Talking (and writing) about money is an interesting thing. It’s almost always done in relation to its scarcity (“I’d love to (fill in awesome activity), but I can’t really afford to right now”) or its overabundance (“CEO bonuses are (fill in description of disgust/moral outrage)”). Both conversations tend to get negative pretty quick. Language and social customs seem to make it far easier to talk about problems and challenges than comfort and sufficiency.
Money has occupied an increasingly polarized place in personal and public dialogue, as economic hardship continues to disproportionately affect people around the world and financial inequality is exacerbated in even the most ‘developed’ countries. Such is our common relationship to money that we often forget (or never realized in the first place) that it is ultimately just a social construct, a medium of exchange, a representation of value – and not a concrete and universal fact of existence. It exercises such a powerful influence on our lives that the pursuit of money has become an end in itself, as if bills and numbers stored in a computer possessed objective value in and of themselves.
I’ve written elsewhere about the power of a dominant narrative to constrain our awareness of what is possible, how the cultural myth of progress ends up justifying otherwise reprehensible acts and patterns. And it is the same with money. Because it functions as such a radical monopoly of exchange, it is hard to even imagine how we might meet our needs without it (by ‘it’, of course I mean the national currency where ever you live – Pound, Dollar, Yen, Euro, Yuan, Rupee..). It is commonly assumed (and in fact, commonly taught in higher education) that hard currency was the natural evolution away from the primitive barter system which made life so darn difficult and inconvenient for early people. However, a thorough study of history shows that people have exchanged goods and services in a huge variety of ways over time, and that centralized hard currency systems are almost everywhere and in every age associated with war, violence, and the erosion of trust.
Sound at all familiar? While we don’t actually have a bullion-based money system since Nixon removed the US Dollar from the gold standard in 1971, we do have an exploitative debt-based credit system. Money created as interest-bearing debt necessitates perpetual economic growth to pay back interest, and thus markets must also perpetually expand – colonizing that which was previously outside the market, such as gift- and trust-based relationships (the social economy) and the whole of the ecological world. When the complex web of community woven together by gift exchange and trust is replaced by a cold and exact form of monetary exchange, essential bonds of relationship are lost. We no longer need to trust each other, we no longer need to need each other – as long as we have enough money, I need only trust that others will accept the money I have to get what I want.
The work of prominent thinkers and practitioners such as Lewis Hyde, Bernard Lietaer, and Charles Eisenstein compellingly detail the subtle and overt ways in which monetization is everywhere followed by the erosion of community and the progressive atomization of society. So how can money and exchange actually serve the real needs of communities, both human and non-human? How can we re-imagine money as what it is really intended to do – facilitate exchange between people, foster the flow of energy through and among communities to meet the needs of all?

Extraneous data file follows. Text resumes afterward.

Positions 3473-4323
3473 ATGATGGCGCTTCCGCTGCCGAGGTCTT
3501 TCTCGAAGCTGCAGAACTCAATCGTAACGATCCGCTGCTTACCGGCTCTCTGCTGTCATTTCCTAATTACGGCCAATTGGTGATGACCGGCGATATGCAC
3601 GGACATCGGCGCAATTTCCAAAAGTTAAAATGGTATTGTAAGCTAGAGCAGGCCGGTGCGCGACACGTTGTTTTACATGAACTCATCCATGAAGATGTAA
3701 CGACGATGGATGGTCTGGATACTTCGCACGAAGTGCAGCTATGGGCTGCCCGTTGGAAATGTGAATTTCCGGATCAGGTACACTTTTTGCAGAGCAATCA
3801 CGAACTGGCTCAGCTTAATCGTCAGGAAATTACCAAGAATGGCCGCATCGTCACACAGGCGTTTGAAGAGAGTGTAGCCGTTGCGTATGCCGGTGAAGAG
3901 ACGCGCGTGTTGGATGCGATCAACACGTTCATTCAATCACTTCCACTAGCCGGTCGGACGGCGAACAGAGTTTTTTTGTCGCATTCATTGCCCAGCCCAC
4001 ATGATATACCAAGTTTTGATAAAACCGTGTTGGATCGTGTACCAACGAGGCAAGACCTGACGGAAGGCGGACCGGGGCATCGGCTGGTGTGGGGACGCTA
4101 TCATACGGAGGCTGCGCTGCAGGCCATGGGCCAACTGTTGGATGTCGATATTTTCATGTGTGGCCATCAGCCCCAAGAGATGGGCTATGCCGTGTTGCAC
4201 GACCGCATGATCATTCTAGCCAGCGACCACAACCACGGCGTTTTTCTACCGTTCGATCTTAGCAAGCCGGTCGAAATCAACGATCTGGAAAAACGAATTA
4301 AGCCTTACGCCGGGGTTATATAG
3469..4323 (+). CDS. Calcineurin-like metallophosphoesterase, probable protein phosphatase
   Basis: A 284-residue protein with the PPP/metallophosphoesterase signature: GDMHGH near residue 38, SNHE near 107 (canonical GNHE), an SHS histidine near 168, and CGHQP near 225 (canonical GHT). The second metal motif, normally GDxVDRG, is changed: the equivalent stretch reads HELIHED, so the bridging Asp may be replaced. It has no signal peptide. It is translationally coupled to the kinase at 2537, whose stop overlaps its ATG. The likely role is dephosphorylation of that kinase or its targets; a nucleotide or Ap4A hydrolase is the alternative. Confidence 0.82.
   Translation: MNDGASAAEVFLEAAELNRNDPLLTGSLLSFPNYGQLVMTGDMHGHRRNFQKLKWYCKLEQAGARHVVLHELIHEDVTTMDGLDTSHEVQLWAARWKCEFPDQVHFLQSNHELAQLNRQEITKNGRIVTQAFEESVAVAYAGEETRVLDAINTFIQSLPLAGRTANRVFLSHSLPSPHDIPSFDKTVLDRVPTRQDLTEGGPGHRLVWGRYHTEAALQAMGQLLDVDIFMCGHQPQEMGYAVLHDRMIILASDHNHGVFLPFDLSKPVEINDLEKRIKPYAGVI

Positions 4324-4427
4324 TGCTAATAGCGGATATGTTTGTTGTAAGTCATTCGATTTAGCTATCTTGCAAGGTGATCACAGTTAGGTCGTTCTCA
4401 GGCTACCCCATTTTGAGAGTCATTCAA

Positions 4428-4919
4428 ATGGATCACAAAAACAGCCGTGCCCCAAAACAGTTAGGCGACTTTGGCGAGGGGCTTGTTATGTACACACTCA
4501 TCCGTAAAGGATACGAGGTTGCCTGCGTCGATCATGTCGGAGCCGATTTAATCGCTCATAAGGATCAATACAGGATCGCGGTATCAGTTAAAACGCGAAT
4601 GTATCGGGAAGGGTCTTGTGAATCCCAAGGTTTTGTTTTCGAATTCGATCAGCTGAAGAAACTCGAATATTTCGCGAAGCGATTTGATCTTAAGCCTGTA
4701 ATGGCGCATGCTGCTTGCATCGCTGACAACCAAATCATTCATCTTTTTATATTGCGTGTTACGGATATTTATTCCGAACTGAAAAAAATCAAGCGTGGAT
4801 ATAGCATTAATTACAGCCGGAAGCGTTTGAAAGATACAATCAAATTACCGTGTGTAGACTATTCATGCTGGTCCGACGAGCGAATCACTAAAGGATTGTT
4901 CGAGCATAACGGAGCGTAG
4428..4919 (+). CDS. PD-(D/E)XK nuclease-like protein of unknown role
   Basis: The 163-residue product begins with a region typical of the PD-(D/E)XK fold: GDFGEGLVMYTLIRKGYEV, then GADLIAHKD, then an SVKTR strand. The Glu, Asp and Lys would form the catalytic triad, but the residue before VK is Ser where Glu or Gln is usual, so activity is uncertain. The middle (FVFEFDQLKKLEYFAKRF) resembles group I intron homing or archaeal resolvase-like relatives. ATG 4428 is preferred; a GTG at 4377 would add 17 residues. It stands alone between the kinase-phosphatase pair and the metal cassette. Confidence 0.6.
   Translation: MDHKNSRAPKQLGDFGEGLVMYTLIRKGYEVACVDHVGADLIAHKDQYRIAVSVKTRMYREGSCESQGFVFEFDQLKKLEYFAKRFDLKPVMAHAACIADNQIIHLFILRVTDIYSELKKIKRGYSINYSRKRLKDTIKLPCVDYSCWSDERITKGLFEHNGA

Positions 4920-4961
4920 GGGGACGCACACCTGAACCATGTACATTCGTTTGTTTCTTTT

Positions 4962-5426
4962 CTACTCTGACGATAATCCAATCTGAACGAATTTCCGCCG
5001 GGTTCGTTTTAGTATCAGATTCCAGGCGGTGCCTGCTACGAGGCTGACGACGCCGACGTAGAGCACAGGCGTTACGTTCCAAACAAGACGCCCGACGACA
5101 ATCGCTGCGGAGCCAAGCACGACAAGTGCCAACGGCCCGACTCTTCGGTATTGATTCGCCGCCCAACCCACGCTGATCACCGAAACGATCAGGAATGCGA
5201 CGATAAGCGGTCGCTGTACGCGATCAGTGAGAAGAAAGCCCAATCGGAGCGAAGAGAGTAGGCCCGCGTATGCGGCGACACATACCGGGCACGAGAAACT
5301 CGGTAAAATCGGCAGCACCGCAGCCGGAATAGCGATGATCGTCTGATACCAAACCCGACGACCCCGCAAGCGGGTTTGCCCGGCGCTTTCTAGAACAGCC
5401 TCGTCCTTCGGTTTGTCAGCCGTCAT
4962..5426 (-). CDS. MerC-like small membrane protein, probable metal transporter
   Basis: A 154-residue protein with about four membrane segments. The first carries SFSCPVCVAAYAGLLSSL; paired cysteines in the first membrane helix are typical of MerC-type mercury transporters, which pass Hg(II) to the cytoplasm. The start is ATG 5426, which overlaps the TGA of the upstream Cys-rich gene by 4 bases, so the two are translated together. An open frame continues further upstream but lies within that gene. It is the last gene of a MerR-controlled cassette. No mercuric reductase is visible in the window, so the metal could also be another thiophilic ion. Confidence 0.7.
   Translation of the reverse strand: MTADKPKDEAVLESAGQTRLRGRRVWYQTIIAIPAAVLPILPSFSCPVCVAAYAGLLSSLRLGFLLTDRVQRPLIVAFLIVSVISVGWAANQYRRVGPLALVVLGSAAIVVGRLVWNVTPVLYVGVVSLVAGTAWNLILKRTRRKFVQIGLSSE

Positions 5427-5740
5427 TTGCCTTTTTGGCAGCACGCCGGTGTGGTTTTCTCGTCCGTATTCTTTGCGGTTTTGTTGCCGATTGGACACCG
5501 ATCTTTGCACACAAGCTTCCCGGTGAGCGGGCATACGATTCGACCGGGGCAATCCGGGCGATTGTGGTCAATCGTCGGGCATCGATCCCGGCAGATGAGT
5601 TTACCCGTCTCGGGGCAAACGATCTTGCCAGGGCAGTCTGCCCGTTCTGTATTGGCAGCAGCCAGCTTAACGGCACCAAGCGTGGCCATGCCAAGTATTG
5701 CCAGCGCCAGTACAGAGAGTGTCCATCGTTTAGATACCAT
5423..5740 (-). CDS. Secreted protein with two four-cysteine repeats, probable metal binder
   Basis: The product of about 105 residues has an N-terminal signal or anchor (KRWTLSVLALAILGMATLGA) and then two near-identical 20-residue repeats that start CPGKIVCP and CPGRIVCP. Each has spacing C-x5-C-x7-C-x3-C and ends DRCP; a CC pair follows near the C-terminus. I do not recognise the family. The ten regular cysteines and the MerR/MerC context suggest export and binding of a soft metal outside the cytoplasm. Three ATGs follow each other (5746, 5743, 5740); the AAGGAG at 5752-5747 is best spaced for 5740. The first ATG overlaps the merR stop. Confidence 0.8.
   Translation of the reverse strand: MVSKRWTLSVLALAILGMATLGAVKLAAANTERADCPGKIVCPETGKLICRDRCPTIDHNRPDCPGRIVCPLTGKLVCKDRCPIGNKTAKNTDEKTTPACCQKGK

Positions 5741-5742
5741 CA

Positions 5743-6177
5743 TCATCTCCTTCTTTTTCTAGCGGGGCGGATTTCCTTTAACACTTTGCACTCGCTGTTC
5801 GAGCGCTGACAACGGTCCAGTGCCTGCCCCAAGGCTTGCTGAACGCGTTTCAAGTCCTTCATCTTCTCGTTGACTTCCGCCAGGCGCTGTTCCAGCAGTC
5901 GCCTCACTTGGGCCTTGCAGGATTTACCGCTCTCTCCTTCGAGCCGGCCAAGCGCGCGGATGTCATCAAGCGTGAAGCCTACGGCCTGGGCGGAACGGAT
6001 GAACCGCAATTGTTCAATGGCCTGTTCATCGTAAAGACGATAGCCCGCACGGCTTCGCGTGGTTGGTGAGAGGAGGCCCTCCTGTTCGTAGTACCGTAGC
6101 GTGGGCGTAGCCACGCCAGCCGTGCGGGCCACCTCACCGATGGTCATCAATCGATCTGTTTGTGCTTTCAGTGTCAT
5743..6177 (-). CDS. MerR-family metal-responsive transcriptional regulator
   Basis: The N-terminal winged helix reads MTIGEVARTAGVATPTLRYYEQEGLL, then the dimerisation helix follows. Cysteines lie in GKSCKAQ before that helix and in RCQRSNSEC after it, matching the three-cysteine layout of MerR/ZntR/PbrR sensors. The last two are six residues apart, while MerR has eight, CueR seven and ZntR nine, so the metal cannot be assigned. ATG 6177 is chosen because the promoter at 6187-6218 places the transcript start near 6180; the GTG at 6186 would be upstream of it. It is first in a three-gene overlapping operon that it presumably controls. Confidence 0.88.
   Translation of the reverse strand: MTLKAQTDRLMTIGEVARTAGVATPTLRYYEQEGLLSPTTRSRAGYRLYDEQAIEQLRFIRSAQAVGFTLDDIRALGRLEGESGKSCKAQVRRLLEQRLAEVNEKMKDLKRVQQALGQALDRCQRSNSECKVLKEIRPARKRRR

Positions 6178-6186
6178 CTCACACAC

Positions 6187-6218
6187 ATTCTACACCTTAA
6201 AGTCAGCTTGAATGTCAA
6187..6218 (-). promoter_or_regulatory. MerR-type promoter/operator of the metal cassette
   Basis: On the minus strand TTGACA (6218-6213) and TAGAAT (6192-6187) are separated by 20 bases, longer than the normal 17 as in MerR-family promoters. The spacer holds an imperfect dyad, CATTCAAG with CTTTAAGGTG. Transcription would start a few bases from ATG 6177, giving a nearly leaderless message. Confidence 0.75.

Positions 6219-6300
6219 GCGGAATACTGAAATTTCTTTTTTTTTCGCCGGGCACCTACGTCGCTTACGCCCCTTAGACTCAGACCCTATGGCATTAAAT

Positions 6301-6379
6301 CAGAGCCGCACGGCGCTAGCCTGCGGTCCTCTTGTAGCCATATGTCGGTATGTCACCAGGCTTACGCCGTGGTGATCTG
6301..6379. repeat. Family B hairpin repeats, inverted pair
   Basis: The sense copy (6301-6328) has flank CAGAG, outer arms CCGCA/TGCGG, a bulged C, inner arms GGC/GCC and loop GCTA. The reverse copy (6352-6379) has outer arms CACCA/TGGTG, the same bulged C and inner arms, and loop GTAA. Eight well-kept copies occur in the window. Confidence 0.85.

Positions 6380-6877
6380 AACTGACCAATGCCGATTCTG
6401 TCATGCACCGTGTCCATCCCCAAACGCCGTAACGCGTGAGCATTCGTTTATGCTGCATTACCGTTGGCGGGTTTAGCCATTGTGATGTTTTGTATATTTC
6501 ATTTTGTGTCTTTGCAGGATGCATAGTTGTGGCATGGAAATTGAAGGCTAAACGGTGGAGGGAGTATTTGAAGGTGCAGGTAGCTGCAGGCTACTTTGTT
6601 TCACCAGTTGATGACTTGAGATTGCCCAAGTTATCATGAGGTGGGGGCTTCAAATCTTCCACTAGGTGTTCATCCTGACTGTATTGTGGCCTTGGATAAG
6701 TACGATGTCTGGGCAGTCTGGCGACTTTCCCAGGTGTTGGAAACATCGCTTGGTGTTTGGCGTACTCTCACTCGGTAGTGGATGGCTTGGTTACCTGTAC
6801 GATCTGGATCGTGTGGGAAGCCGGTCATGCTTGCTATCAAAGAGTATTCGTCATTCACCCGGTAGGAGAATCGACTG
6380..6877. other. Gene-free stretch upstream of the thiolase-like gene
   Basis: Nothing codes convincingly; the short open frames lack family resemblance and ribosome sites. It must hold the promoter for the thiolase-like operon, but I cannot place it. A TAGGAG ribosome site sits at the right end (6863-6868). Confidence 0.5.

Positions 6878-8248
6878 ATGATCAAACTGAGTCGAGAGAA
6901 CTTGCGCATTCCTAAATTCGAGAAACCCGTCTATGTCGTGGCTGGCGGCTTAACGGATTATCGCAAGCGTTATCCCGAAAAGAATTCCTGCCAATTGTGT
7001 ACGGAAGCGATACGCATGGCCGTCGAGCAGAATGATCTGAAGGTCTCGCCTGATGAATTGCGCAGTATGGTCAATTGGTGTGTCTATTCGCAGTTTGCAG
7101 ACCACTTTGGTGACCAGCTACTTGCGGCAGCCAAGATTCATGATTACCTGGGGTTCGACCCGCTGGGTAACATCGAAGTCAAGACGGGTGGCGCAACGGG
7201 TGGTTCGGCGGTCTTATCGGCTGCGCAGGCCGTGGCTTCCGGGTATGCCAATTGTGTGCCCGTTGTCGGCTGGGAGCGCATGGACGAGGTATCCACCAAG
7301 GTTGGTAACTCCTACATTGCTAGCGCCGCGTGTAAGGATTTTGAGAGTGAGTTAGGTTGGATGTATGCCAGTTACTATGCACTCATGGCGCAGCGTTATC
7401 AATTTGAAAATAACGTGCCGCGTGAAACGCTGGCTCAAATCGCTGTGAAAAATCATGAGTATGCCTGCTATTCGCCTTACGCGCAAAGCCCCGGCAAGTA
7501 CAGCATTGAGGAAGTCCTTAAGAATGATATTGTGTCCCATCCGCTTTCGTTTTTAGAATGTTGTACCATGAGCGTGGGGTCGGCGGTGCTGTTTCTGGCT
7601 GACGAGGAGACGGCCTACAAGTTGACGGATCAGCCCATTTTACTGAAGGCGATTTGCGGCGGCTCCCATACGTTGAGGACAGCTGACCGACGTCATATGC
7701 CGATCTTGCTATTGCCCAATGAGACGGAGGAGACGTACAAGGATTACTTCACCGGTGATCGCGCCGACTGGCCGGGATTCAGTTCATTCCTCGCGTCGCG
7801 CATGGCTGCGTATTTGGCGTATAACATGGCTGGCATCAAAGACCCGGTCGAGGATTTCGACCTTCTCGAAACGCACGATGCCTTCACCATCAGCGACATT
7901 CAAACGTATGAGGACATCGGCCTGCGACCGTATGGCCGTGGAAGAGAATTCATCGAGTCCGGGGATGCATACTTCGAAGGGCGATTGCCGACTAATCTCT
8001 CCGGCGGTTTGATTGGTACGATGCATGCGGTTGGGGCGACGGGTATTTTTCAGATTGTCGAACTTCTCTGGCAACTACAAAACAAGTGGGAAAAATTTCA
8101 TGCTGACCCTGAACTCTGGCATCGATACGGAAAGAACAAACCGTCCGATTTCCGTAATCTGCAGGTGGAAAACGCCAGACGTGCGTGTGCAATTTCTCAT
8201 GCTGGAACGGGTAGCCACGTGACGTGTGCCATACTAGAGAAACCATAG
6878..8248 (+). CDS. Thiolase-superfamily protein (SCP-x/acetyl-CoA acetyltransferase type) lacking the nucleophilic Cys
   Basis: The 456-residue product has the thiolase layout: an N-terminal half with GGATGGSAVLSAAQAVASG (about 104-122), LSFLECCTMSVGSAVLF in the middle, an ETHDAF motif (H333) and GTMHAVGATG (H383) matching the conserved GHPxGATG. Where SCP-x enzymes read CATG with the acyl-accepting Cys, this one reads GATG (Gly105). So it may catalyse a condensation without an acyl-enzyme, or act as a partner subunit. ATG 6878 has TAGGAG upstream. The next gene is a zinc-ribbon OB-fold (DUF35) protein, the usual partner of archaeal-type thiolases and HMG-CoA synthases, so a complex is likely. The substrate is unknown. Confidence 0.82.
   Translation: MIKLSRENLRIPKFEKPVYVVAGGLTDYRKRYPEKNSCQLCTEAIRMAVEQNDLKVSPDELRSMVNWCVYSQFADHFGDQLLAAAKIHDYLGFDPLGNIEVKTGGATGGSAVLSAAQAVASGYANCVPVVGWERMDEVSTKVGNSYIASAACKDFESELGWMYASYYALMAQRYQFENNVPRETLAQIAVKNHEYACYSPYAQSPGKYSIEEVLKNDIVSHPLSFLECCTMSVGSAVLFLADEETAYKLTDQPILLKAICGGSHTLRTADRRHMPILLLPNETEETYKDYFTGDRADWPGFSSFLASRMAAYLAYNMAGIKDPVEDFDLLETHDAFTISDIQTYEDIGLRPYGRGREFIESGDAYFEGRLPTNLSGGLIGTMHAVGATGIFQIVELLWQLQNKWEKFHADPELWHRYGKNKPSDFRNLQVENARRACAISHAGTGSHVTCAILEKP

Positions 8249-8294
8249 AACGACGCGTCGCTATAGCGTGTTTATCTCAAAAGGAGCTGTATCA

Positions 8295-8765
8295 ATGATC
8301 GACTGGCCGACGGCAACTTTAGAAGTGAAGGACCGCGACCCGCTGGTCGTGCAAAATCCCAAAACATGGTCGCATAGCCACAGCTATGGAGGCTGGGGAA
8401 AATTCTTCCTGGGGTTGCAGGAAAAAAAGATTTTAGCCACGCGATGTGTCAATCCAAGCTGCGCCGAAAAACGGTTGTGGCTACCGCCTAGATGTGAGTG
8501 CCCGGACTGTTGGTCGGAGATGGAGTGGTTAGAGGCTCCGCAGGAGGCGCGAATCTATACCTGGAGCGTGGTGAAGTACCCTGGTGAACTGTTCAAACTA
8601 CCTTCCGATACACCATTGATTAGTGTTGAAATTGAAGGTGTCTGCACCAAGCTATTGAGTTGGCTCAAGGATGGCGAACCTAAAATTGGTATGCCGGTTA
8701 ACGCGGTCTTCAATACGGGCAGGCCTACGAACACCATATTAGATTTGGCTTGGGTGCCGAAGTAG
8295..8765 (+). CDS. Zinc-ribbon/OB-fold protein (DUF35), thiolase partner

When I look around at the community I live in and those nearby, I see many forms of exchange taking place everyday, many of them outside the formal global economy: people sharing their time and skills to help others, gifts being given and received, a community currency designed to keep more money circulating in the local economy, a credit union to provide loans to those not served by commercial banks and help invest in the community, a thriving informal barter system of skills and services…together sowing the seeds of a diverse polyculture of exchange.
Like all complex adaptive systems, the global economic systems needs diversity to remain resilient and the lubricant of that system – money – is anything but diverse at the moment.
In practice, what might such a polyculture of exchange look like? And how might it affect human relationships, our collective consciousness, community, connection to the rest of life? These questions are part of an ongoing inquiry into the emergence of the new economy being explored at Schumacher College – and one that I am particularly excited to explore experientially with the people of Totnes in the coming weeks. Along with Transition Town Totnes, I’m helping to organize a participatory event next month to explore just this in the specific context of the Totnes economy. Stay tuned for more details and reflections on the process as it emerges.
We are collectively the makers of meaning, so how can we re-embed value in people instead of paper? If money is merely a representation of value, lets not confuse the map for the territory as it were. As David Graeber reminds us, “if money is just a social construct,…an agreement, we can renegotiate it at any time.”